Executives in finance, insurance and technology lead the way in claiming tax break for millionaires
Fifty executives earning between €1m and €3m a year working for multinationals here benefited from a lucrative tax break in 2019 that slashed their income tax bills and allowed them to write off private school fees and some travel, new figures published by the Revenue Commissioners show.
The 50 top earners were among 1,574 executives who escaped a combined €38m of Irish tax thanks to the Special Assignee Relief Programme (Sarp), an incentive introduced nearly a decade ago aiming to make it more attractive for high-flying executives of multinationals to be posted here as part of a plan to help boost job creation and business expansion.
Those benefiting include Irish nationals who had been working abroad for a number of years before taking up roles here.
New figures from Revenue show the tax break cost the Exchequer €38.2m in 2019, with 1,574 people availing of the scheme.
The cost to the Exchequer in 2019 was lower than the €42.4m Sarp cost in 2018, when a smaller number of 1,481 people availed of the scheme.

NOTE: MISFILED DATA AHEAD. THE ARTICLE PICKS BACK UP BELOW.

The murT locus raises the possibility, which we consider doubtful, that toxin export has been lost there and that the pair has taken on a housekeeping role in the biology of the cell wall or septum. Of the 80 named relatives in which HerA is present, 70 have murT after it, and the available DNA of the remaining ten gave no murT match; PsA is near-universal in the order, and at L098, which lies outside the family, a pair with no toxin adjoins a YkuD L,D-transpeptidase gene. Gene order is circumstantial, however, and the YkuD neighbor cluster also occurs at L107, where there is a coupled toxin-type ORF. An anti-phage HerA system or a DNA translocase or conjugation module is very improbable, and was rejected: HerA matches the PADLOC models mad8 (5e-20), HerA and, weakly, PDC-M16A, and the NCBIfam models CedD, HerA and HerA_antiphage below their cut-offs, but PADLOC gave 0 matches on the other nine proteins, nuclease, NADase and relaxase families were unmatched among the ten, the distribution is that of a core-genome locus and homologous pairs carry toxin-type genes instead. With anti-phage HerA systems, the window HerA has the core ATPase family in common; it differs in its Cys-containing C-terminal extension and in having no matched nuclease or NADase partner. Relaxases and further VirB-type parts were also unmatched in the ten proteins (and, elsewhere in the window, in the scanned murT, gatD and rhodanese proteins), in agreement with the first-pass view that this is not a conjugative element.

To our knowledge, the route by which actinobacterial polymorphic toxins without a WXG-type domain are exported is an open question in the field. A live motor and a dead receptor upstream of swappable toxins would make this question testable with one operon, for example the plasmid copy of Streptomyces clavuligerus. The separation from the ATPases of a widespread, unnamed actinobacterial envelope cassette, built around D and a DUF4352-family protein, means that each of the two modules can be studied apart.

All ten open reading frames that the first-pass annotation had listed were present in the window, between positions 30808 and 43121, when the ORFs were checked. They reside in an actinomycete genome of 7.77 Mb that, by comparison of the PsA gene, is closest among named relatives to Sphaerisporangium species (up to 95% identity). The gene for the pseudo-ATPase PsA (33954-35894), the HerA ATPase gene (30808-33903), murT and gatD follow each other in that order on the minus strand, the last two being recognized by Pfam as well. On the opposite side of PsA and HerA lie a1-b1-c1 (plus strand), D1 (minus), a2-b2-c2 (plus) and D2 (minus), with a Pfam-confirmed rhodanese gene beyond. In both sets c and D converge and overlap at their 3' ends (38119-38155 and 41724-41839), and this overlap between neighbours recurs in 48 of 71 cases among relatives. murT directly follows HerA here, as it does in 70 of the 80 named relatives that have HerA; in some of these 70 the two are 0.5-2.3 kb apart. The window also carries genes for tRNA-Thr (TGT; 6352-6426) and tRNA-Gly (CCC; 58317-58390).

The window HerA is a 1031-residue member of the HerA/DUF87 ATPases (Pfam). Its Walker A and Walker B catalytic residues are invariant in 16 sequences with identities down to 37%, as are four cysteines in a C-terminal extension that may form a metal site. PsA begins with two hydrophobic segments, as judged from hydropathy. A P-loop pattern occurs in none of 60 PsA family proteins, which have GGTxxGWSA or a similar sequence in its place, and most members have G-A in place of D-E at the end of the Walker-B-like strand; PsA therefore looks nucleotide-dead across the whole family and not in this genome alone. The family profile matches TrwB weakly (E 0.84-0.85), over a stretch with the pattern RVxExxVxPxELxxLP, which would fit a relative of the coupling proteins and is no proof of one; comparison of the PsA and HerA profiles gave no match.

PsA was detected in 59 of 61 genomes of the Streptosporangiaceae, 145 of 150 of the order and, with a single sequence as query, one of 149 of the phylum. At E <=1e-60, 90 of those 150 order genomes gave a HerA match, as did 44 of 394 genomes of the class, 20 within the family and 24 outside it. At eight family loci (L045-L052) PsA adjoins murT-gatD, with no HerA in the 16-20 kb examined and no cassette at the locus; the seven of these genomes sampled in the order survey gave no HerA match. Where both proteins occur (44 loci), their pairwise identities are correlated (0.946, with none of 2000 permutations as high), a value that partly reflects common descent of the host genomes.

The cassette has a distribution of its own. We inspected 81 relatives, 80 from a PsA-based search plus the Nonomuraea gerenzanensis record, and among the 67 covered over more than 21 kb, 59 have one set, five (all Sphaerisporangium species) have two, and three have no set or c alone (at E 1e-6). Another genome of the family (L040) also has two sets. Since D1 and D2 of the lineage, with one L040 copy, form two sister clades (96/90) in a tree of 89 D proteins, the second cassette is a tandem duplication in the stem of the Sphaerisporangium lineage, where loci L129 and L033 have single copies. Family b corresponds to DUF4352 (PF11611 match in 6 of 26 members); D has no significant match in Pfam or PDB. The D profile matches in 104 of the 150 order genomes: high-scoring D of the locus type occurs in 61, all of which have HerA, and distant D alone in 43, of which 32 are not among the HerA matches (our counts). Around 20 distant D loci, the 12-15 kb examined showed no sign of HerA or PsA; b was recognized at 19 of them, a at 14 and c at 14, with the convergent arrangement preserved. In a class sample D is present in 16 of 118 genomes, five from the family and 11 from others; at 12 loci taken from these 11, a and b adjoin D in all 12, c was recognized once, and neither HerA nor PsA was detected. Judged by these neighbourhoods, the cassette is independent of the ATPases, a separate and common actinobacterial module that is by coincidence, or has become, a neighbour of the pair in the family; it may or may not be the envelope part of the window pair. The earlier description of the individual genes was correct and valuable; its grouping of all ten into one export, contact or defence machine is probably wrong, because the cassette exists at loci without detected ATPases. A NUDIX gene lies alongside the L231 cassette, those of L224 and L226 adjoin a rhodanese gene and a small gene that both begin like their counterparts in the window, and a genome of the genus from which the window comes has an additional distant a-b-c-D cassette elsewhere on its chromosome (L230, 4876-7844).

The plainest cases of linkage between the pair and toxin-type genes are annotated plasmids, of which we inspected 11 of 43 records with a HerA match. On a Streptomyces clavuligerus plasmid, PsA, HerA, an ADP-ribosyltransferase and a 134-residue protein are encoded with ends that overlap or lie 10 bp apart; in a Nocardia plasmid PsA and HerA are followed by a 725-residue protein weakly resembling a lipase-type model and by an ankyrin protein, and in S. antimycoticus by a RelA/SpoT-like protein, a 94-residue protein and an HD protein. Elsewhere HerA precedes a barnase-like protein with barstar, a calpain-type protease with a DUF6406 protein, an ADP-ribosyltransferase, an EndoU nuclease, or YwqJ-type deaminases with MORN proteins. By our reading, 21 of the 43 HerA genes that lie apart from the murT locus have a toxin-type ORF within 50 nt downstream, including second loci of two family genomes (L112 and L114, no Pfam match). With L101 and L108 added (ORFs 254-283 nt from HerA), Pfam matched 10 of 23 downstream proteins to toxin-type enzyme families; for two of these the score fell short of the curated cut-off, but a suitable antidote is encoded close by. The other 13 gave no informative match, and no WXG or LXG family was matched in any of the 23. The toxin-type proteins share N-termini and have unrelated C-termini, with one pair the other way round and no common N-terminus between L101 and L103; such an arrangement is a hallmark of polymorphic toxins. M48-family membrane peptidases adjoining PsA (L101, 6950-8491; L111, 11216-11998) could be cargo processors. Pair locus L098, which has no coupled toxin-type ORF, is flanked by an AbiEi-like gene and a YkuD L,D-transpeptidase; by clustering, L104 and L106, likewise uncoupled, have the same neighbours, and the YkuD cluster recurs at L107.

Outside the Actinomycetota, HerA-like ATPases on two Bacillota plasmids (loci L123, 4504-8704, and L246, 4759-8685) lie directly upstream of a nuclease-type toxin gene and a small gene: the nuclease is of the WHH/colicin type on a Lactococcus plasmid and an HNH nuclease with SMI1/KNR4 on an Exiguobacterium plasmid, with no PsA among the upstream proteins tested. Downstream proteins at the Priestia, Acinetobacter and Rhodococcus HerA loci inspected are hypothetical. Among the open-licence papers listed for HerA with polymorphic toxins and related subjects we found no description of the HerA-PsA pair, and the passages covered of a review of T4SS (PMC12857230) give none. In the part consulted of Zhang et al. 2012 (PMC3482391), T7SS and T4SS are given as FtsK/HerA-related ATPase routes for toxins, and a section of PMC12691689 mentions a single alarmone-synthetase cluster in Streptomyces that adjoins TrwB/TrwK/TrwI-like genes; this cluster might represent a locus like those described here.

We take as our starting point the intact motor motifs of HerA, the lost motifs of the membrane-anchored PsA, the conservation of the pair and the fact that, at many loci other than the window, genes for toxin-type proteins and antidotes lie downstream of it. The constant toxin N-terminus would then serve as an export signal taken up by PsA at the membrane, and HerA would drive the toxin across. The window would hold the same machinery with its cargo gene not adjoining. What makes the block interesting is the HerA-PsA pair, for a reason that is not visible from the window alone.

The 2019 data shows claimants work for 461 different companies.
Of the individuals that availed of the scheme in 2019, 433 worked in the finance and insurance sector. That was the highest figure of any sector.
The next highest was in technology, with 337 Sarp claimants in 2019.
The figures also show that 258 individuals working in the wholesale or retail trade availed of the scheme in 2019.
Sarp provides relief from income tax on 30pc of income over €75,000 for high earners. At one stage there was no upper limit on the amount an individual could earn and claim relief.
However, in 2020 an income cap of €1m was implemented for all individuals availing of the programme. Income over €1m is now subject to standard income tax.
Participants in Sarp must earn a minimum of €75,000 per annum, excluding bonuses. There is no exemption from USC.
School fees of up to €5,000 per annum and expenses incurred on one trip home per year paid for by the employer, are not subject to income tax, USC or PRSI under the programme.
The latest figures published this week show that 457 of the claimants in 2019 were earning less than €150,000 a year.
However, 406 were earning between €150,000 and €225,000; 249 between €225,001 and €300,000; and 125 between €300,001 and €375,000.
Another 228 were earning between €375,001 and €675,000; and 59 between €675,001 and €1m a year.
The Revenue Commissioners said the higher salary ranges of the individuals claiming relief “have been combined to protect taxpayer confidentiality due to the small numbers of cases involved”.
The data shows that 27pc of the people benefiting from the Sarp scheme in 2019 were US nationals, while 14pc were from the UK, 13pc Irish and 8pc Indian.